With PS Plus Dumping PS3 And Vita Games, Sony Boosts PS4 Members’ Cloud Storage

We’ve known for some time that the February 2019 lineup of PlayStation Plus games would mark the final month in which subscribers received freebies for PS3 and Vita. Going forward, each month will consist solely of free PS4 games. Seemingly to compensate users for this change, Sony is making some changes to another perk offered through PS Plus.

Starting in early February (an exact date was not specified), PS Plus members will have access to 100 GB of cloud storage of save games, a tenfold increase over the existing 10 GB limit. Unfortunately, there was no word on further changes to cloud saves, such as enabling auto-uploads and downloads on more than just your main console.

Sony did not say if this is the extent of its plans to make up for dropping PS3 and Vita games. Even for PS4 users without either of those systems, this change is a loss. It’s not uncommon for the monthly freebies to offer cross-buy support with PS4 versions of them, giving the current-gen system even more than the two free games that are explicitly intended for it. That’s the case in February; claiming both Vita games will get you access to their PS4 versions.

For the final month, the PS3/Vita lineup is going out strong, thanks largely to the inclusion of Metal Gear Solid 4. On the PS4 side, users can look forward to For Honor and the first season of Hitman. Those games will be available from February 5 until March 5, while the PS3/Vita games will stick around until March 8.

While free games are the highlight of PS Plus and receive much of the attention, cloud saves, access to online multiplayer on PS4, and exclusive game sales are among the other perks for subscribing. Still, the lost of two-thirds of the free game lineup is notable, though Sony has provided no indication it intends to lower the service’s price.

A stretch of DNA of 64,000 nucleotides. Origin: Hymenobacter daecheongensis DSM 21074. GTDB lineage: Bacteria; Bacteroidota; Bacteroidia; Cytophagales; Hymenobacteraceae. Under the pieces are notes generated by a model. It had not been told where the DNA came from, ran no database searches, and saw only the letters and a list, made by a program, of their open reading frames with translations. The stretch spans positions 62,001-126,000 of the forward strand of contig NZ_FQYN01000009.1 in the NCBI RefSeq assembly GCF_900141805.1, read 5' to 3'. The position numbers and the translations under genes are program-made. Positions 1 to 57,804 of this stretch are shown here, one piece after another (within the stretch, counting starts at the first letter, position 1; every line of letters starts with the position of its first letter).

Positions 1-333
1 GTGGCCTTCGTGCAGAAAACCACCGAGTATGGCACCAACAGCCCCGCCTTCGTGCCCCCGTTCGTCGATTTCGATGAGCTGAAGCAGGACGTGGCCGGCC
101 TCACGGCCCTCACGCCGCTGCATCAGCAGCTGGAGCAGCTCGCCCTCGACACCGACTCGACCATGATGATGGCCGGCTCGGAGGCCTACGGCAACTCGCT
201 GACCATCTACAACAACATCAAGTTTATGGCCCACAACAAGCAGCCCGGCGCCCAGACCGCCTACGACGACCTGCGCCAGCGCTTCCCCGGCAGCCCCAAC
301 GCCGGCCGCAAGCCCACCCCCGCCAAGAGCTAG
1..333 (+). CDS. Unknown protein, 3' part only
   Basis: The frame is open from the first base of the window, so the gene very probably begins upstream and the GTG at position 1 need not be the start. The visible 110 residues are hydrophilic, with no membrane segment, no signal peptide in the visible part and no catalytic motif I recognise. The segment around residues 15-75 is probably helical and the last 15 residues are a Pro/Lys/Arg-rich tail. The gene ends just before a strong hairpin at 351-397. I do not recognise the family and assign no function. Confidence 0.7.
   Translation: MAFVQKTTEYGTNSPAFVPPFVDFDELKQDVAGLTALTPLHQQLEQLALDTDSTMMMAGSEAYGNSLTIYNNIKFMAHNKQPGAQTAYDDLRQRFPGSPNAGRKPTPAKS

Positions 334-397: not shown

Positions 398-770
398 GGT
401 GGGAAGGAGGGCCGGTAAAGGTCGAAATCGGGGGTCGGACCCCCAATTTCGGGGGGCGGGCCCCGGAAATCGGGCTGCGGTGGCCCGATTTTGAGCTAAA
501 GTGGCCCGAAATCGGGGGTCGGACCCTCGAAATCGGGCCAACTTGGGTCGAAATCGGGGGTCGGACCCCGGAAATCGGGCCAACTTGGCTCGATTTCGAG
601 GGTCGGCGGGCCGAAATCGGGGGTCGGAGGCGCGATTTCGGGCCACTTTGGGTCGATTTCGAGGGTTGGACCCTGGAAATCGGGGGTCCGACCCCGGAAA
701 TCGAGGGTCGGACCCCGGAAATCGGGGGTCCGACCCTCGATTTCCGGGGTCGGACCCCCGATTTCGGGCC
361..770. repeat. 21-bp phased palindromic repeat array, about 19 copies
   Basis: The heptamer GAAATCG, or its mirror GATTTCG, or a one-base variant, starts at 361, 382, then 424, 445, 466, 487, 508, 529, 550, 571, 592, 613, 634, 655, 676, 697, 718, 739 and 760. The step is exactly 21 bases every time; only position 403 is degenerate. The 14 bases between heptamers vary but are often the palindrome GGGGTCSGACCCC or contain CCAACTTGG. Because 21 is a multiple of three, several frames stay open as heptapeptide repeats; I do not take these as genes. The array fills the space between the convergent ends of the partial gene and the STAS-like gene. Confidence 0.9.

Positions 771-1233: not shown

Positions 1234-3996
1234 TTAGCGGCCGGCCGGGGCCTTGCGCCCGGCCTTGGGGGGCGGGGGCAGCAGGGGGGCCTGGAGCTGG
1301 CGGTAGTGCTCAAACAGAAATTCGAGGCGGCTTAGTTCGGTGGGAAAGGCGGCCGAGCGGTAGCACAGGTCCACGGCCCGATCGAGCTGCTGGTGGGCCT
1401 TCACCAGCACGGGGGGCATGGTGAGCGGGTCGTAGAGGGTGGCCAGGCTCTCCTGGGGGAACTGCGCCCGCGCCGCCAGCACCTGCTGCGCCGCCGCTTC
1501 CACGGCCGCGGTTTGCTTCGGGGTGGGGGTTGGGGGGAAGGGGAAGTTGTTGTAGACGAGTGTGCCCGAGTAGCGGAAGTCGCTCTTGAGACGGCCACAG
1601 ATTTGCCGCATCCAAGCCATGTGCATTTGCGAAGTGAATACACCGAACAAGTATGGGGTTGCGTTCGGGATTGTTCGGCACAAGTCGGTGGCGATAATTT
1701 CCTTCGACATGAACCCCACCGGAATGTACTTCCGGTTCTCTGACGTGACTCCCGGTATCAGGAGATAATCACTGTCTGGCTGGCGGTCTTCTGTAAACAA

Free PlayStation Plus Games For February 2019 Announced (PS4, PS3, PS Vita)

January is dead, long live February. The shortest and sweetest month is set to bring an all new line-up of free PS4, PS3, and PS Vita games for PlayStation Plus members. Sony has announced the offerings, so check out what will be coming as of February 5.

The February offerings include the competitive melee action game For Honor and the full first season of Hitman. That latter game has an extra layer of value since the recently released Hitman 2 lets you play the older game’s maps inside the newer game, as long as you own it. February PS Plus also includes Divekick and Metal Gear Solid 4: Guns of the Patriots for PS3, along with Gunhouse and Rogue Aces for Vita. Divekick has cross-buy with Vita, and both Vita games have cross-buy with PS4. Sony also announced it is expanding the PS Plus Cloud storage from 10 GB to 100 GB starting in February.

Remember, you still have some time left to grab the PS Plus games for January. Those include the the extreme sports game Steep and Portal Knights on PS4, Zone of the Enders HD and Amplitude on PS3, Super Mutant Alien Assault on Vita, and Fallen Legion: Flames of the Rebellion on PS4/Vita.

And with that, the PlayStation 3 and Vita games are bowing out of the monthly rotation. Sony previously announced that it will no longer include PS3 and Vita as of March 8, which means February’s games on those platforms are the last we’ll see. Fare thee well, older platforms. This will probably mean the total games included in the monthly rotation will be reduced, though Sony could still surprise us with some change of plans. The PS4 games will be available through March 5.